The aforementioned figure is also featured on one of the posters and this, too, benefits from the somewhat unspecific, unbranded nature. If you will, it’s not as obtrusive as some other figures that are plastered all over with advertising, be that made up or real. The comics seem to now have fully transitioned to the newer, more dynamic style in all magazines, so it’s pretty acceptable and, which is a bonus, can also almost be followed without reading the speech bubbles.

LEGO Magazine, Friends, June 2020, Cover

The Friends magazine is giving me a lot of grief, not just because they reduced its publishing frequency to only every two months. It’s just done so poorly from the lackluster comic to the ugly CG figures. The only reason I still buy it are indeed the extra buildable pieces. With the puppy training theme being the latest weird trend in the commercial sets it was inevitable that it would show up here one day as well. The good thing about it is that this way I’m getting a white little doggy without ever having to buy one of those sets, as indeed Bello with the grey dotted eye patch is completely new print variant of this molding.

The rest is really not worth mentioning, though at least it seems they have adjusted their target demographic’s age a little and the activities and some other things at least make sense in that context.

LEGO Magazine, Hidden Side, June 2020, Cover

Finally there’s Hidden Side. The graphical fidelity of the series still impresses me and shows that a lot of labor was poured into it, the actual story and content not so much. At least the J.B. figure is pretty decent and they even were smart enough to include the ghost-hunting gun. That’s cool because it’s based on the newer 1×1 pistol piece, which due to its compact size and strategically placed studs opens up lots of possibilities to build custom weapons, household appliances etc. or even integrate is as a brick/ bracket of sorts into regular builds.

The poster with the different ghosts would actually be okay if it wasn’t so overstuffed, but Jack? SRSLY? Isn’t it bad enough that we’re getting yet another boring figure of him in the next issue? I’m sorry, but I’m literally facepalming myself over this…

Egged all over…

This year I’m surprisingly busy with building stuff for contests pretty early in the year. That’s most definitely a sideeffect of the ongoing crisis and everyone trying to keep people distracted and engaged.

Easter Egg MOC, Closed As you may have guessed already, this particular competition was themed around the Easter holidays and this is my contribution to it. I grandiosely call it “Verstecker- & Entdecker-Ei”, which roughly translates to a simple “Hide & (Re-) Discover Egg”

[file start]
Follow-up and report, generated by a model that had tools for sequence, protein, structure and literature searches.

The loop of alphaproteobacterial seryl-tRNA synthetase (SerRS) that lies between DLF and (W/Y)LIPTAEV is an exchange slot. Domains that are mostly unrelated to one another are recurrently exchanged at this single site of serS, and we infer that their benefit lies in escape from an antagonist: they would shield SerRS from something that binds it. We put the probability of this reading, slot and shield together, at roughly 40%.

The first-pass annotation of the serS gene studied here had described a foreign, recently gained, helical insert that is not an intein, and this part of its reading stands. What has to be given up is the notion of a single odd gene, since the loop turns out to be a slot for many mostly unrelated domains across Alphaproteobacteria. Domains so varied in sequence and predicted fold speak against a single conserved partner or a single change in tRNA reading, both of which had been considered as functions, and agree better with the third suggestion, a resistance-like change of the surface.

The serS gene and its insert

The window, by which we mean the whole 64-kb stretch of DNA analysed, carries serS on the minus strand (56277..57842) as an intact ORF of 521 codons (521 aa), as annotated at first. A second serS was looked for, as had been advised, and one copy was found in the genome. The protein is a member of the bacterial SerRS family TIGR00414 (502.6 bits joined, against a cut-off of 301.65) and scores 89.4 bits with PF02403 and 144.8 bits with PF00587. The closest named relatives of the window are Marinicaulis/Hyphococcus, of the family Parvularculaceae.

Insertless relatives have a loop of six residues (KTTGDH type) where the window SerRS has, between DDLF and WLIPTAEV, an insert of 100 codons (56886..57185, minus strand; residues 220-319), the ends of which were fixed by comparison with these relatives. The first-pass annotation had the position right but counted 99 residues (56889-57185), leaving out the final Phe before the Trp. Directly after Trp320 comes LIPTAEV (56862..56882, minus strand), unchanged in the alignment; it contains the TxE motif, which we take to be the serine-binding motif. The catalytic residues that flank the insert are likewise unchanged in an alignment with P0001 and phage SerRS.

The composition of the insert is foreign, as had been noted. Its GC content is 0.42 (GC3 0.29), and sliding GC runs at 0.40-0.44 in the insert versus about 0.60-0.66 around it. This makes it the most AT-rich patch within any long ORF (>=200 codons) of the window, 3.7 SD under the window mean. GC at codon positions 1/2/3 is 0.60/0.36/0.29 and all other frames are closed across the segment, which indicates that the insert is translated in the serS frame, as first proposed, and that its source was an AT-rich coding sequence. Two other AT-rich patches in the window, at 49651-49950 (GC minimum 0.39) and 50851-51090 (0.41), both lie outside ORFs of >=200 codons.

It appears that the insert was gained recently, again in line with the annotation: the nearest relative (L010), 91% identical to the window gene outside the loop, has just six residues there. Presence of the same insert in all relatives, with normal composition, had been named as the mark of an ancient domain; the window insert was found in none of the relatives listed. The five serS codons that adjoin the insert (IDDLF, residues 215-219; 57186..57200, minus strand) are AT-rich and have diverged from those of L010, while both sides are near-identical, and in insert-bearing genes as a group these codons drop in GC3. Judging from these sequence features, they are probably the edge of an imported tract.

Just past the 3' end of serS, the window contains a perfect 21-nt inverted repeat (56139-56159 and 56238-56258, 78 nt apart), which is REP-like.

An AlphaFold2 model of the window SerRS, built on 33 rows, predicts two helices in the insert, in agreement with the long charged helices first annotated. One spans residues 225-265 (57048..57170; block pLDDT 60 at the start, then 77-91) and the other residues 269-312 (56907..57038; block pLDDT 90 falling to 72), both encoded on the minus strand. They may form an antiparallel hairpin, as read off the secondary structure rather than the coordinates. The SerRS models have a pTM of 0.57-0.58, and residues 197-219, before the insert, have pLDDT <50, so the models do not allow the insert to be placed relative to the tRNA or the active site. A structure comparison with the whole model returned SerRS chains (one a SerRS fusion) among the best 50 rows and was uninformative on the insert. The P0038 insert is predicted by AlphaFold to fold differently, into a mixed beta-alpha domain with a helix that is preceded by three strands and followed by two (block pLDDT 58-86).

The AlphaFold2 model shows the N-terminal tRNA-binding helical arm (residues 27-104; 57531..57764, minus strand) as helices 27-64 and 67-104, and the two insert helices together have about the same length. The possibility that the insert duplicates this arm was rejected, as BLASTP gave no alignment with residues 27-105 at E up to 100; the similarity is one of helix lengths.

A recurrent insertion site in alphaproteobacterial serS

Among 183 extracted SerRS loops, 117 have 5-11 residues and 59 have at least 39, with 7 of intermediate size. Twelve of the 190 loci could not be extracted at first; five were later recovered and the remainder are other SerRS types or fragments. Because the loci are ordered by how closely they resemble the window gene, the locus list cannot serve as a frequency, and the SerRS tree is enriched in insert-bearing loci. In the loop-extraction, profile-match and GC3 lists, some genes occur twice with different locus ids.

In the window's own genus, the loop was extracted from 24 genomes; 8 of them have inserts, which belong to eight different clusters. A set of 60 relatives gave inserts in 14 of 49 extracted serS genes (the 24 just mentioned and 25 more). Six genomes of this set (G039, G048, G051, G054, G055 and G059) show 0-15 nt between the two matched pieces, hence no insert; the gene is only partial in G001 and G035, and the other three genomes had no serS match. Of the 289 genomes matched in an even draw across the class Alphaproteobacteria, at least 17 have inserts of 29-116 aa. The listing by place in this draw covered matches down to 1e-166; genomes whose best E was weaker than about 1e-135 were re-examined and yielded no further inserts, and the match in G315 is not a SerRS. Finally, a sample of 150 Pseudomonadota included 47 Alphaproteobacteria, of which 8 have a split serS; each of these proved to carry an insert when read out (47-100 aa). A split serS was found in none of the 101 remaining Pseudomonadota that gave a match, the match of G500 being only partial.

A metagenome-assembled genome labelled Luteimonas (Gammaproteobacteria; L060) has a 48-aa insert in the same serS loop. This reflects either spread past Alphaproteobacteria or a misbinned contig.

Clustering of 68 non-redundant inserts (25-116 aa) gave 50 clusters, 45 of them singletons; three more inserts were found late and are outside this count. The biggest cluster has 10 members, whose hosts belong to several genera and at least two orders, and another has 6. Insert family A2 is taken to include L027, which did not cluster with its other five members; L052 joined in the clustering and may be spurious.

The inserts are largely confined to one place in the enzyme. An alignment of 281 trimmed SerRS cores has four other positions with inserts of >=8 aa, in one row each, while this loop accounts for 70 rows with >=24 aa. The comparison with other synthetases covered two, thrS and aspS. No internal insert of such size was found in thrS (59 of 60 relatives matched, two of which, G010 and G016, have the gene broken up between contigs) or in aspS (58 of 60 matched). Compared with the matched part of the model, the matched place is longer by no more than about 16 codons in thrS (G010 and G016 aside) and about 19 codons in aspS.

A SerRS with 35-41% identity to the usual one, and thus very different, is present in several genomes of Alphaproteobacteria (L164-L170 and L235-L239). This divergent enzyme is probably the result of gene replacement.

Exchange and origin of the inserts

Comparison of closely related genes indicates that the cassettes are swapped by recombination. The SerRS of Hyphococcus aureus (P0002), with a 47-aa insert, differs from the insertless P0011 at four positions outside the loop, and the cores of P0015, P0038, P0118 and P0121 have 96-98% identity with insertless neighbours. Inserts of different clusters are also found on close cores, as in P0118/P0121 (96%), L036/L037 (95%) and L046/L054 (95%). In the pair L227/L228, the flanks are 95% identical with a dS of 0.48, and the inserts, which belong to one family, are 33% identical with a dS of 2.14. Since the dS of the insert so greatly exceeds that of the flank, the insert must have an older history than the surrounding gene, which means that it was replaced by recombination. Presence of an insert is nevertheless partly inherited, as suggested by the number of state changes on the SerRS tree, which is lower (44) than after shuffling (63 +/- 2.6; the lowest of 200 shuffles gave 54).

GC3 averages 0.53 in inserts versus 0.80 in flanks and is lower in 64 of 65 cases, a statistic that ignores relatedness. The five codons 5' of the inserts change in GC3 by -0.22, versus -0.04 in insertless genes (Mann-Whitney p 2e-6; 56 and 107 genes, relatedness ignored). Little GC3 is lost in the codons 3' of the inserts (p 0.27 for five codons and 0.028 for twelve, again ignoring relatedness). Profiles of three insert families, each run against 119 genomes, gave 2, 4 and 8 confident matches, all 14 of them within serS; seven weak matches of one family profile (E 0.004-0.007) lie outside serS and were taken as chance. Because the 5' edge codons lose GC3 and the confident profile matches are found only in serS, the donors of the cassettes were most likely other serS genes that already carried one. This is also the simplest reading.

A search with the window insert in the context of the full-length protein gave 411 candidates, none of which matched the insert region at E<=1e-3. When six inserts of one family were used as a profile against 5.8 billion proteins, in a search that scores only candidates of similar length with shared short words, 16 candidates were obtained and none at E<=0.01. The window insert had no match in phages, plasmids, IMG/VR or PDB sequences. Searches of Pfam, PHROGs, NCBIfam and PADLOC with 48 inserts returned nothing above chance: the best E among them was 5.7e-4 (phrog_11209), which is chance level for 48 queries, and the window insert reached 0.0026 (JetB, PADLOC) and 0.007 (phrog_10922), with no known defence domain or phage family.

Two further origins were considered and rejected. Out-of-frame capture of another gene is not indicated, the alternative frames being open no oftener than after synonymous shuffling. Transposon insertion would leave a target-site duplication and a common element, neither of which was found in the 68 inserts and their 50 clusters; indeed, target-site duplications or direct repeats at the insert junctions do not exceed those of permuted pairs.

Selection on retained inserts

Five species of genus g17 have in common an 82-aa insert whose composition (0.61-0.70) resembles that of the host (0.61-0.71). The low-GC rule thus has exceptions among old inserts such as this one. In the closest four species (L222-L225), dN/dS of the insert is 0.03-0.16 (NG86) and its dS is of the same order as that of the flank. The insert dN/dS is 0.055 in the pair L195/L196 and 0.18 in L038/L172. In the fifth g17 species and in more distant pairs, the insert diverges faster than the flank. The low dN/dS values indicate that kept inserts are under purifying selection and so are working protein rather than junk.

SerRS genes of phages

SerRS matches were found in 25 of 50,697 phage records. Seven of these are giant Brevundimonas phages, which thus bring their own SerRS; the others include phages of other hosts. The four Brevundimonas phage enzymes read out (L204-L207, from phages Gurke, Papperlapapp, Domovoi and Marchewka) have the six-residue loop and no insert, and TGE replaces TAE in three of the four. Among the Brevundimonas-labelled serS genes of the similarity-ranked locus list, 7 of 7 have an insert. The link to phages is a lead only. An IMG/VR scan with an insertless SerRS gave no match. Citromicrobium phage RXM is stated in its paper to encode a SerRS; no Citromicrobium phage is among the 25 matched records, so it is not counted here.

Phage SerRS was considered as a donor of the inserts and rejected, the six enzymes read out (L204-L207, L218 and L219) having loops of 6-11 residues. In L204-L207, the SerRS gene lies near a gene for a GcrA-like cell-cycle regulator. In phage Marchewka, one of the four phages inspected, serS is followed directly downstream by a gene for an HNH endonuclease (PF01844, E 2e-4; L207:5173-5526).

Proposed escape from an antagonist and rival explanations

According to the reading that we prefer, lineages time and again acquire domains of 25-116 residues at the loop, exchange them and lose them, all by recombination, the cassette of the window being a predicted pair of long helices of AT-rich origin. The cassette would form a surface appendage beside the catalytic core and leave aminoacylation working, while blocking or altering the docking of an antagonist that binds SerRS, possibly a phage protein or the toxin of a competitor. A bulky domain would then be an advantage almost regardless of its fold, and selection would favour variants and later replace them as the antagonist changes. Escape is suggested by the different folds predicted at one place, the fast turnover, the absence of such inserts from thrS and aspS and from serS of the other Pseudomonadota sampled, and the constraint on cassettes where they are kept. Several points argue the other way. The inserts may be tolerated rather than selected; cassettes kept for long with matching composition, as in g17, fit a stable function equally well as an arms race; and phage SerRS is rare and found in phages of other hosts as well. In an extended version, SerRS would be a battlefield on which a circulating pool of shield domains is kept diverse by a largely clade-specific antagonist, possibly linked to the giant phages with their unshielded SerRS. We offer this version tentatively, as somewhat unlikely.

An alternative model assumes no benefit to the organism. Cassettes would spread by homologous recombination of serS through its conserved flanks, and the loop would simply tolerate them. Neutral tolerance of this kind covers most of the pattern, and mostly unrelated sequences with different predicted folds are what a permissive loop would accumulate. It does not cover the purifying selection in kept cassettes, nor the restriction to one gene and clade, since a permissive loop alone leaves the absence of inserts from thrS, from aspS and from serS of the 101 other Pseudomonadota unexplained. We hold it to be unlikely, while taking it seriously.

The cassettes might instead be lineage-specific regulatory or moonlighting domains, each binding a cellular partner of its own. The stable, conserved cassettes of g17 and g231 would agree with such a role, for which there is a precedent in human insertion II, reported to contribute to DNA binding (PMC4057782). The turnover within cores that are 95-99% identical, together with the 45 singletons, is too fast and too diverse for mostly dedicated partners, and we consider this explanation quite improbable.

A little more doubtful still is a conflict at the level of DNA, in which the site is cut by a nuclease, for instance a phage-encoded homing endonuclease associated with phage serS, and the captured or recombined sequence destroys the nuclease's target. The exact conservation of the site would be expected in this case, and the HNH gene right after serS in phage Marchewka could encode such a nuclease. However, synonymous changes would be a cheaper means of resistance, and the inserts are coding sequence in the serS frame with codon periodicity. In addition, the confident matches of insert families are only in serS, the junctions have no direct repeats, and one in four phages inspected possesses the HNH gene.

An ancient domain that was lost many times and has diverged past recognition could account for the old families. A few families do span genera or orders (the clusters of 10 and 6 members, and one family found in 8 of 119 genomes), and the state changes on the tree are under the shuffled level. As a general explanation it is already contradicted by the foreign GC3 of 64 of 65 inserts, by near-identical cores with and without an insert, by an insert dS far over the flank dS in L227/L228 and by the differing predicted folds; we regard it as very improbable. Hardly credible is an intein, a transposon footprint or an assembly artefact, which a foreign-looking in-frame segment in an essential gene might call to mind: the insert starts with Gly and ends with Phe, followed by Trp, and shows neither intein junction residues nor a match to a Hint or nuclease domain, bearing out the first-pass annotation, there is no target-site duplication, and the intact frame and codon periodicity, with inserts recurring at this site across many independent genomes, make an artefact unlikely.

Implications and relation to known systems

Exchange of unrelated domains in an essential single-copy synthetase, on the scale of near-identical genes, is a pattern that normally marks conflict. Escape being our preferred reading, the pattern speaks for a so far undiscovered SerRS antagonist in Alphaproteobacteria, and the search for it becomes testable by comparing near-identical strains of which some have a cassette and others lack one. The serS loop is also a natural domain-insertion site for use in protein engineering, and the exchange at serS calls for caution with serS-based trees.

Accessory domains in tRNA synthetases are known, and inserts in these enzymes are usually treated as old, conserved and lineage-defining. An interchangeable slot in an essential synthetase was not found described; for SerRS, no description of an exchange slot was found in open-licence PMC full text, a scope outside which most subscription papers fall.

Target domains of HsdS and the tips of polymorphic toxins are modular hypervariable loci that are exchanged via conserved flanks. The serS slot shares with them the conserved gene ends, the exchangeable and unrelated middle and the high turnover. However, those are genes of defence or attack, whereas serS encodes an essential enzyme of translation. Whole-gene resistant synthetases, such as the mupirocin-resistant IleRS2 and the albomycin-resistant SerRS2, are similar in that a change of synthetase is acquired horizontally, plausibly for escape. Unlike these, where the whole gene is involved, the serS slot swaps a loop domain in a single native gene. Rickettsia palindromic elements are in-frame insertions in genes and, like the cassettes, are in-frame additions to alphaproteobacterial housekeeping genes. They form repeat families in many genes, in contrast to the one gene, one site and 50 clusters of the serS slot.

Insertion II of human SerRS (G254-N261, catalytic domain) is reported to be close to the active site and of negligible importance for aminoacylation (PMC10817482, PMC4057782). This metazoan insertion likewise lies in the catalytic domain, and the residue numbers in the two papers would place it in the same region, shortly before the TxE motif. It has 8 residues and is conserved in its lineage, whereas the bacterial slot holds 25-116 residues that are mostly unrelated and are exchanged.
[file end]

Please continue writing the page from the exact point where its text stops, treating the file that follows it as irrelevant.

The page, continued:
In initially I had planned something slightly different, but ultimately it became a matter of managing resources. I had way underestimated the number of pieces I might need and both my own stock and the extra parts from Bricklink I had ordered eventually ran out. Likewise, figuring out how to build the model and get a good approximation of the curvature took me longer than anticipated, especially given my own drive for savvy engineering and making things perfect.

Easter Egg MOC, Open

I wanted it to have a large hollow space inside right from the outset and I wanted it also to close seamlessly, so the upside-down modular building were on the table right from the start. this is also extremely useful for transporting the model and stowing it away as separate parts and had the model ended up being even larger this would have been even more of a requirement.

Easter Egg MOC, Components

The slightly irregular, asymmetrical shape is a concession to the curved building. The problem with these types of things is that you can ever only get it reasonably perfect in one direction and have to decide what’s more important to you. I in particular wanted to avoid those ugly large gaps on the corners where the two directions of the “flow” converge simply because there are no suitable bricks to fill those areas. At least for now the new 1 x 2 brick with the curved top isn’t available in Lavender like I would have needed it to fill some of those gaps.

Easter Egg MOC, Underside Mount

I didn’t win anything for this as with people stuck at home there were a lot of participants, diminishing the chances of winning as a mere function of statistics, but if some user comments are to be believed, I may have been in the top ten or top twenty still, as many users liked the clean design and solid building techniques. Who knows? At least it’s a good basis and may be worth revisiting and improving some time in the future…

Egg-sy Canoe Ride

One of my more favorite LEGO magazines currently is the Jurassic World one because of the nice little builds they come with and the May issue doesn’t disappoint on that front, either.

LEGO Magazine, Jurassic World, May 2020, Cover

The magazine comes with a nice little rendition of a canoe built from some simple inverted wedge pieces in Dark Bluish Gray and some Dark Blue parts. Getting the same Owen figure for the umpteenth time on the other hand is kind of boring. I really wish they’d use a different character every now and then. At least there’s an egg in Tan, which strangely enough is a color that has barely been used so far. Most sets still use the plain white ones, so that’s definitely a positive. Short side note: Around Easter I was actually wondering why LEGO haven’t managed to bring out the egg in all colors in some sort of decoration pack. Seems so simple and would probably sell like crazy at that time of year…

The rest of the issue feels a bit lackluster, to be honest, with the comic being an example of taking a lot of pages to tell nothing and the puzzles/ activities being a bit too trivial for my taste. On the face of it I could come to like the poster with the Velociraptor gang, but unfortunately the text has been lumped on it so tastelessly and clumsily it completely ruins it. without the names and the tag line plastered all over it would look pretty nice, though. Well, maybe another time…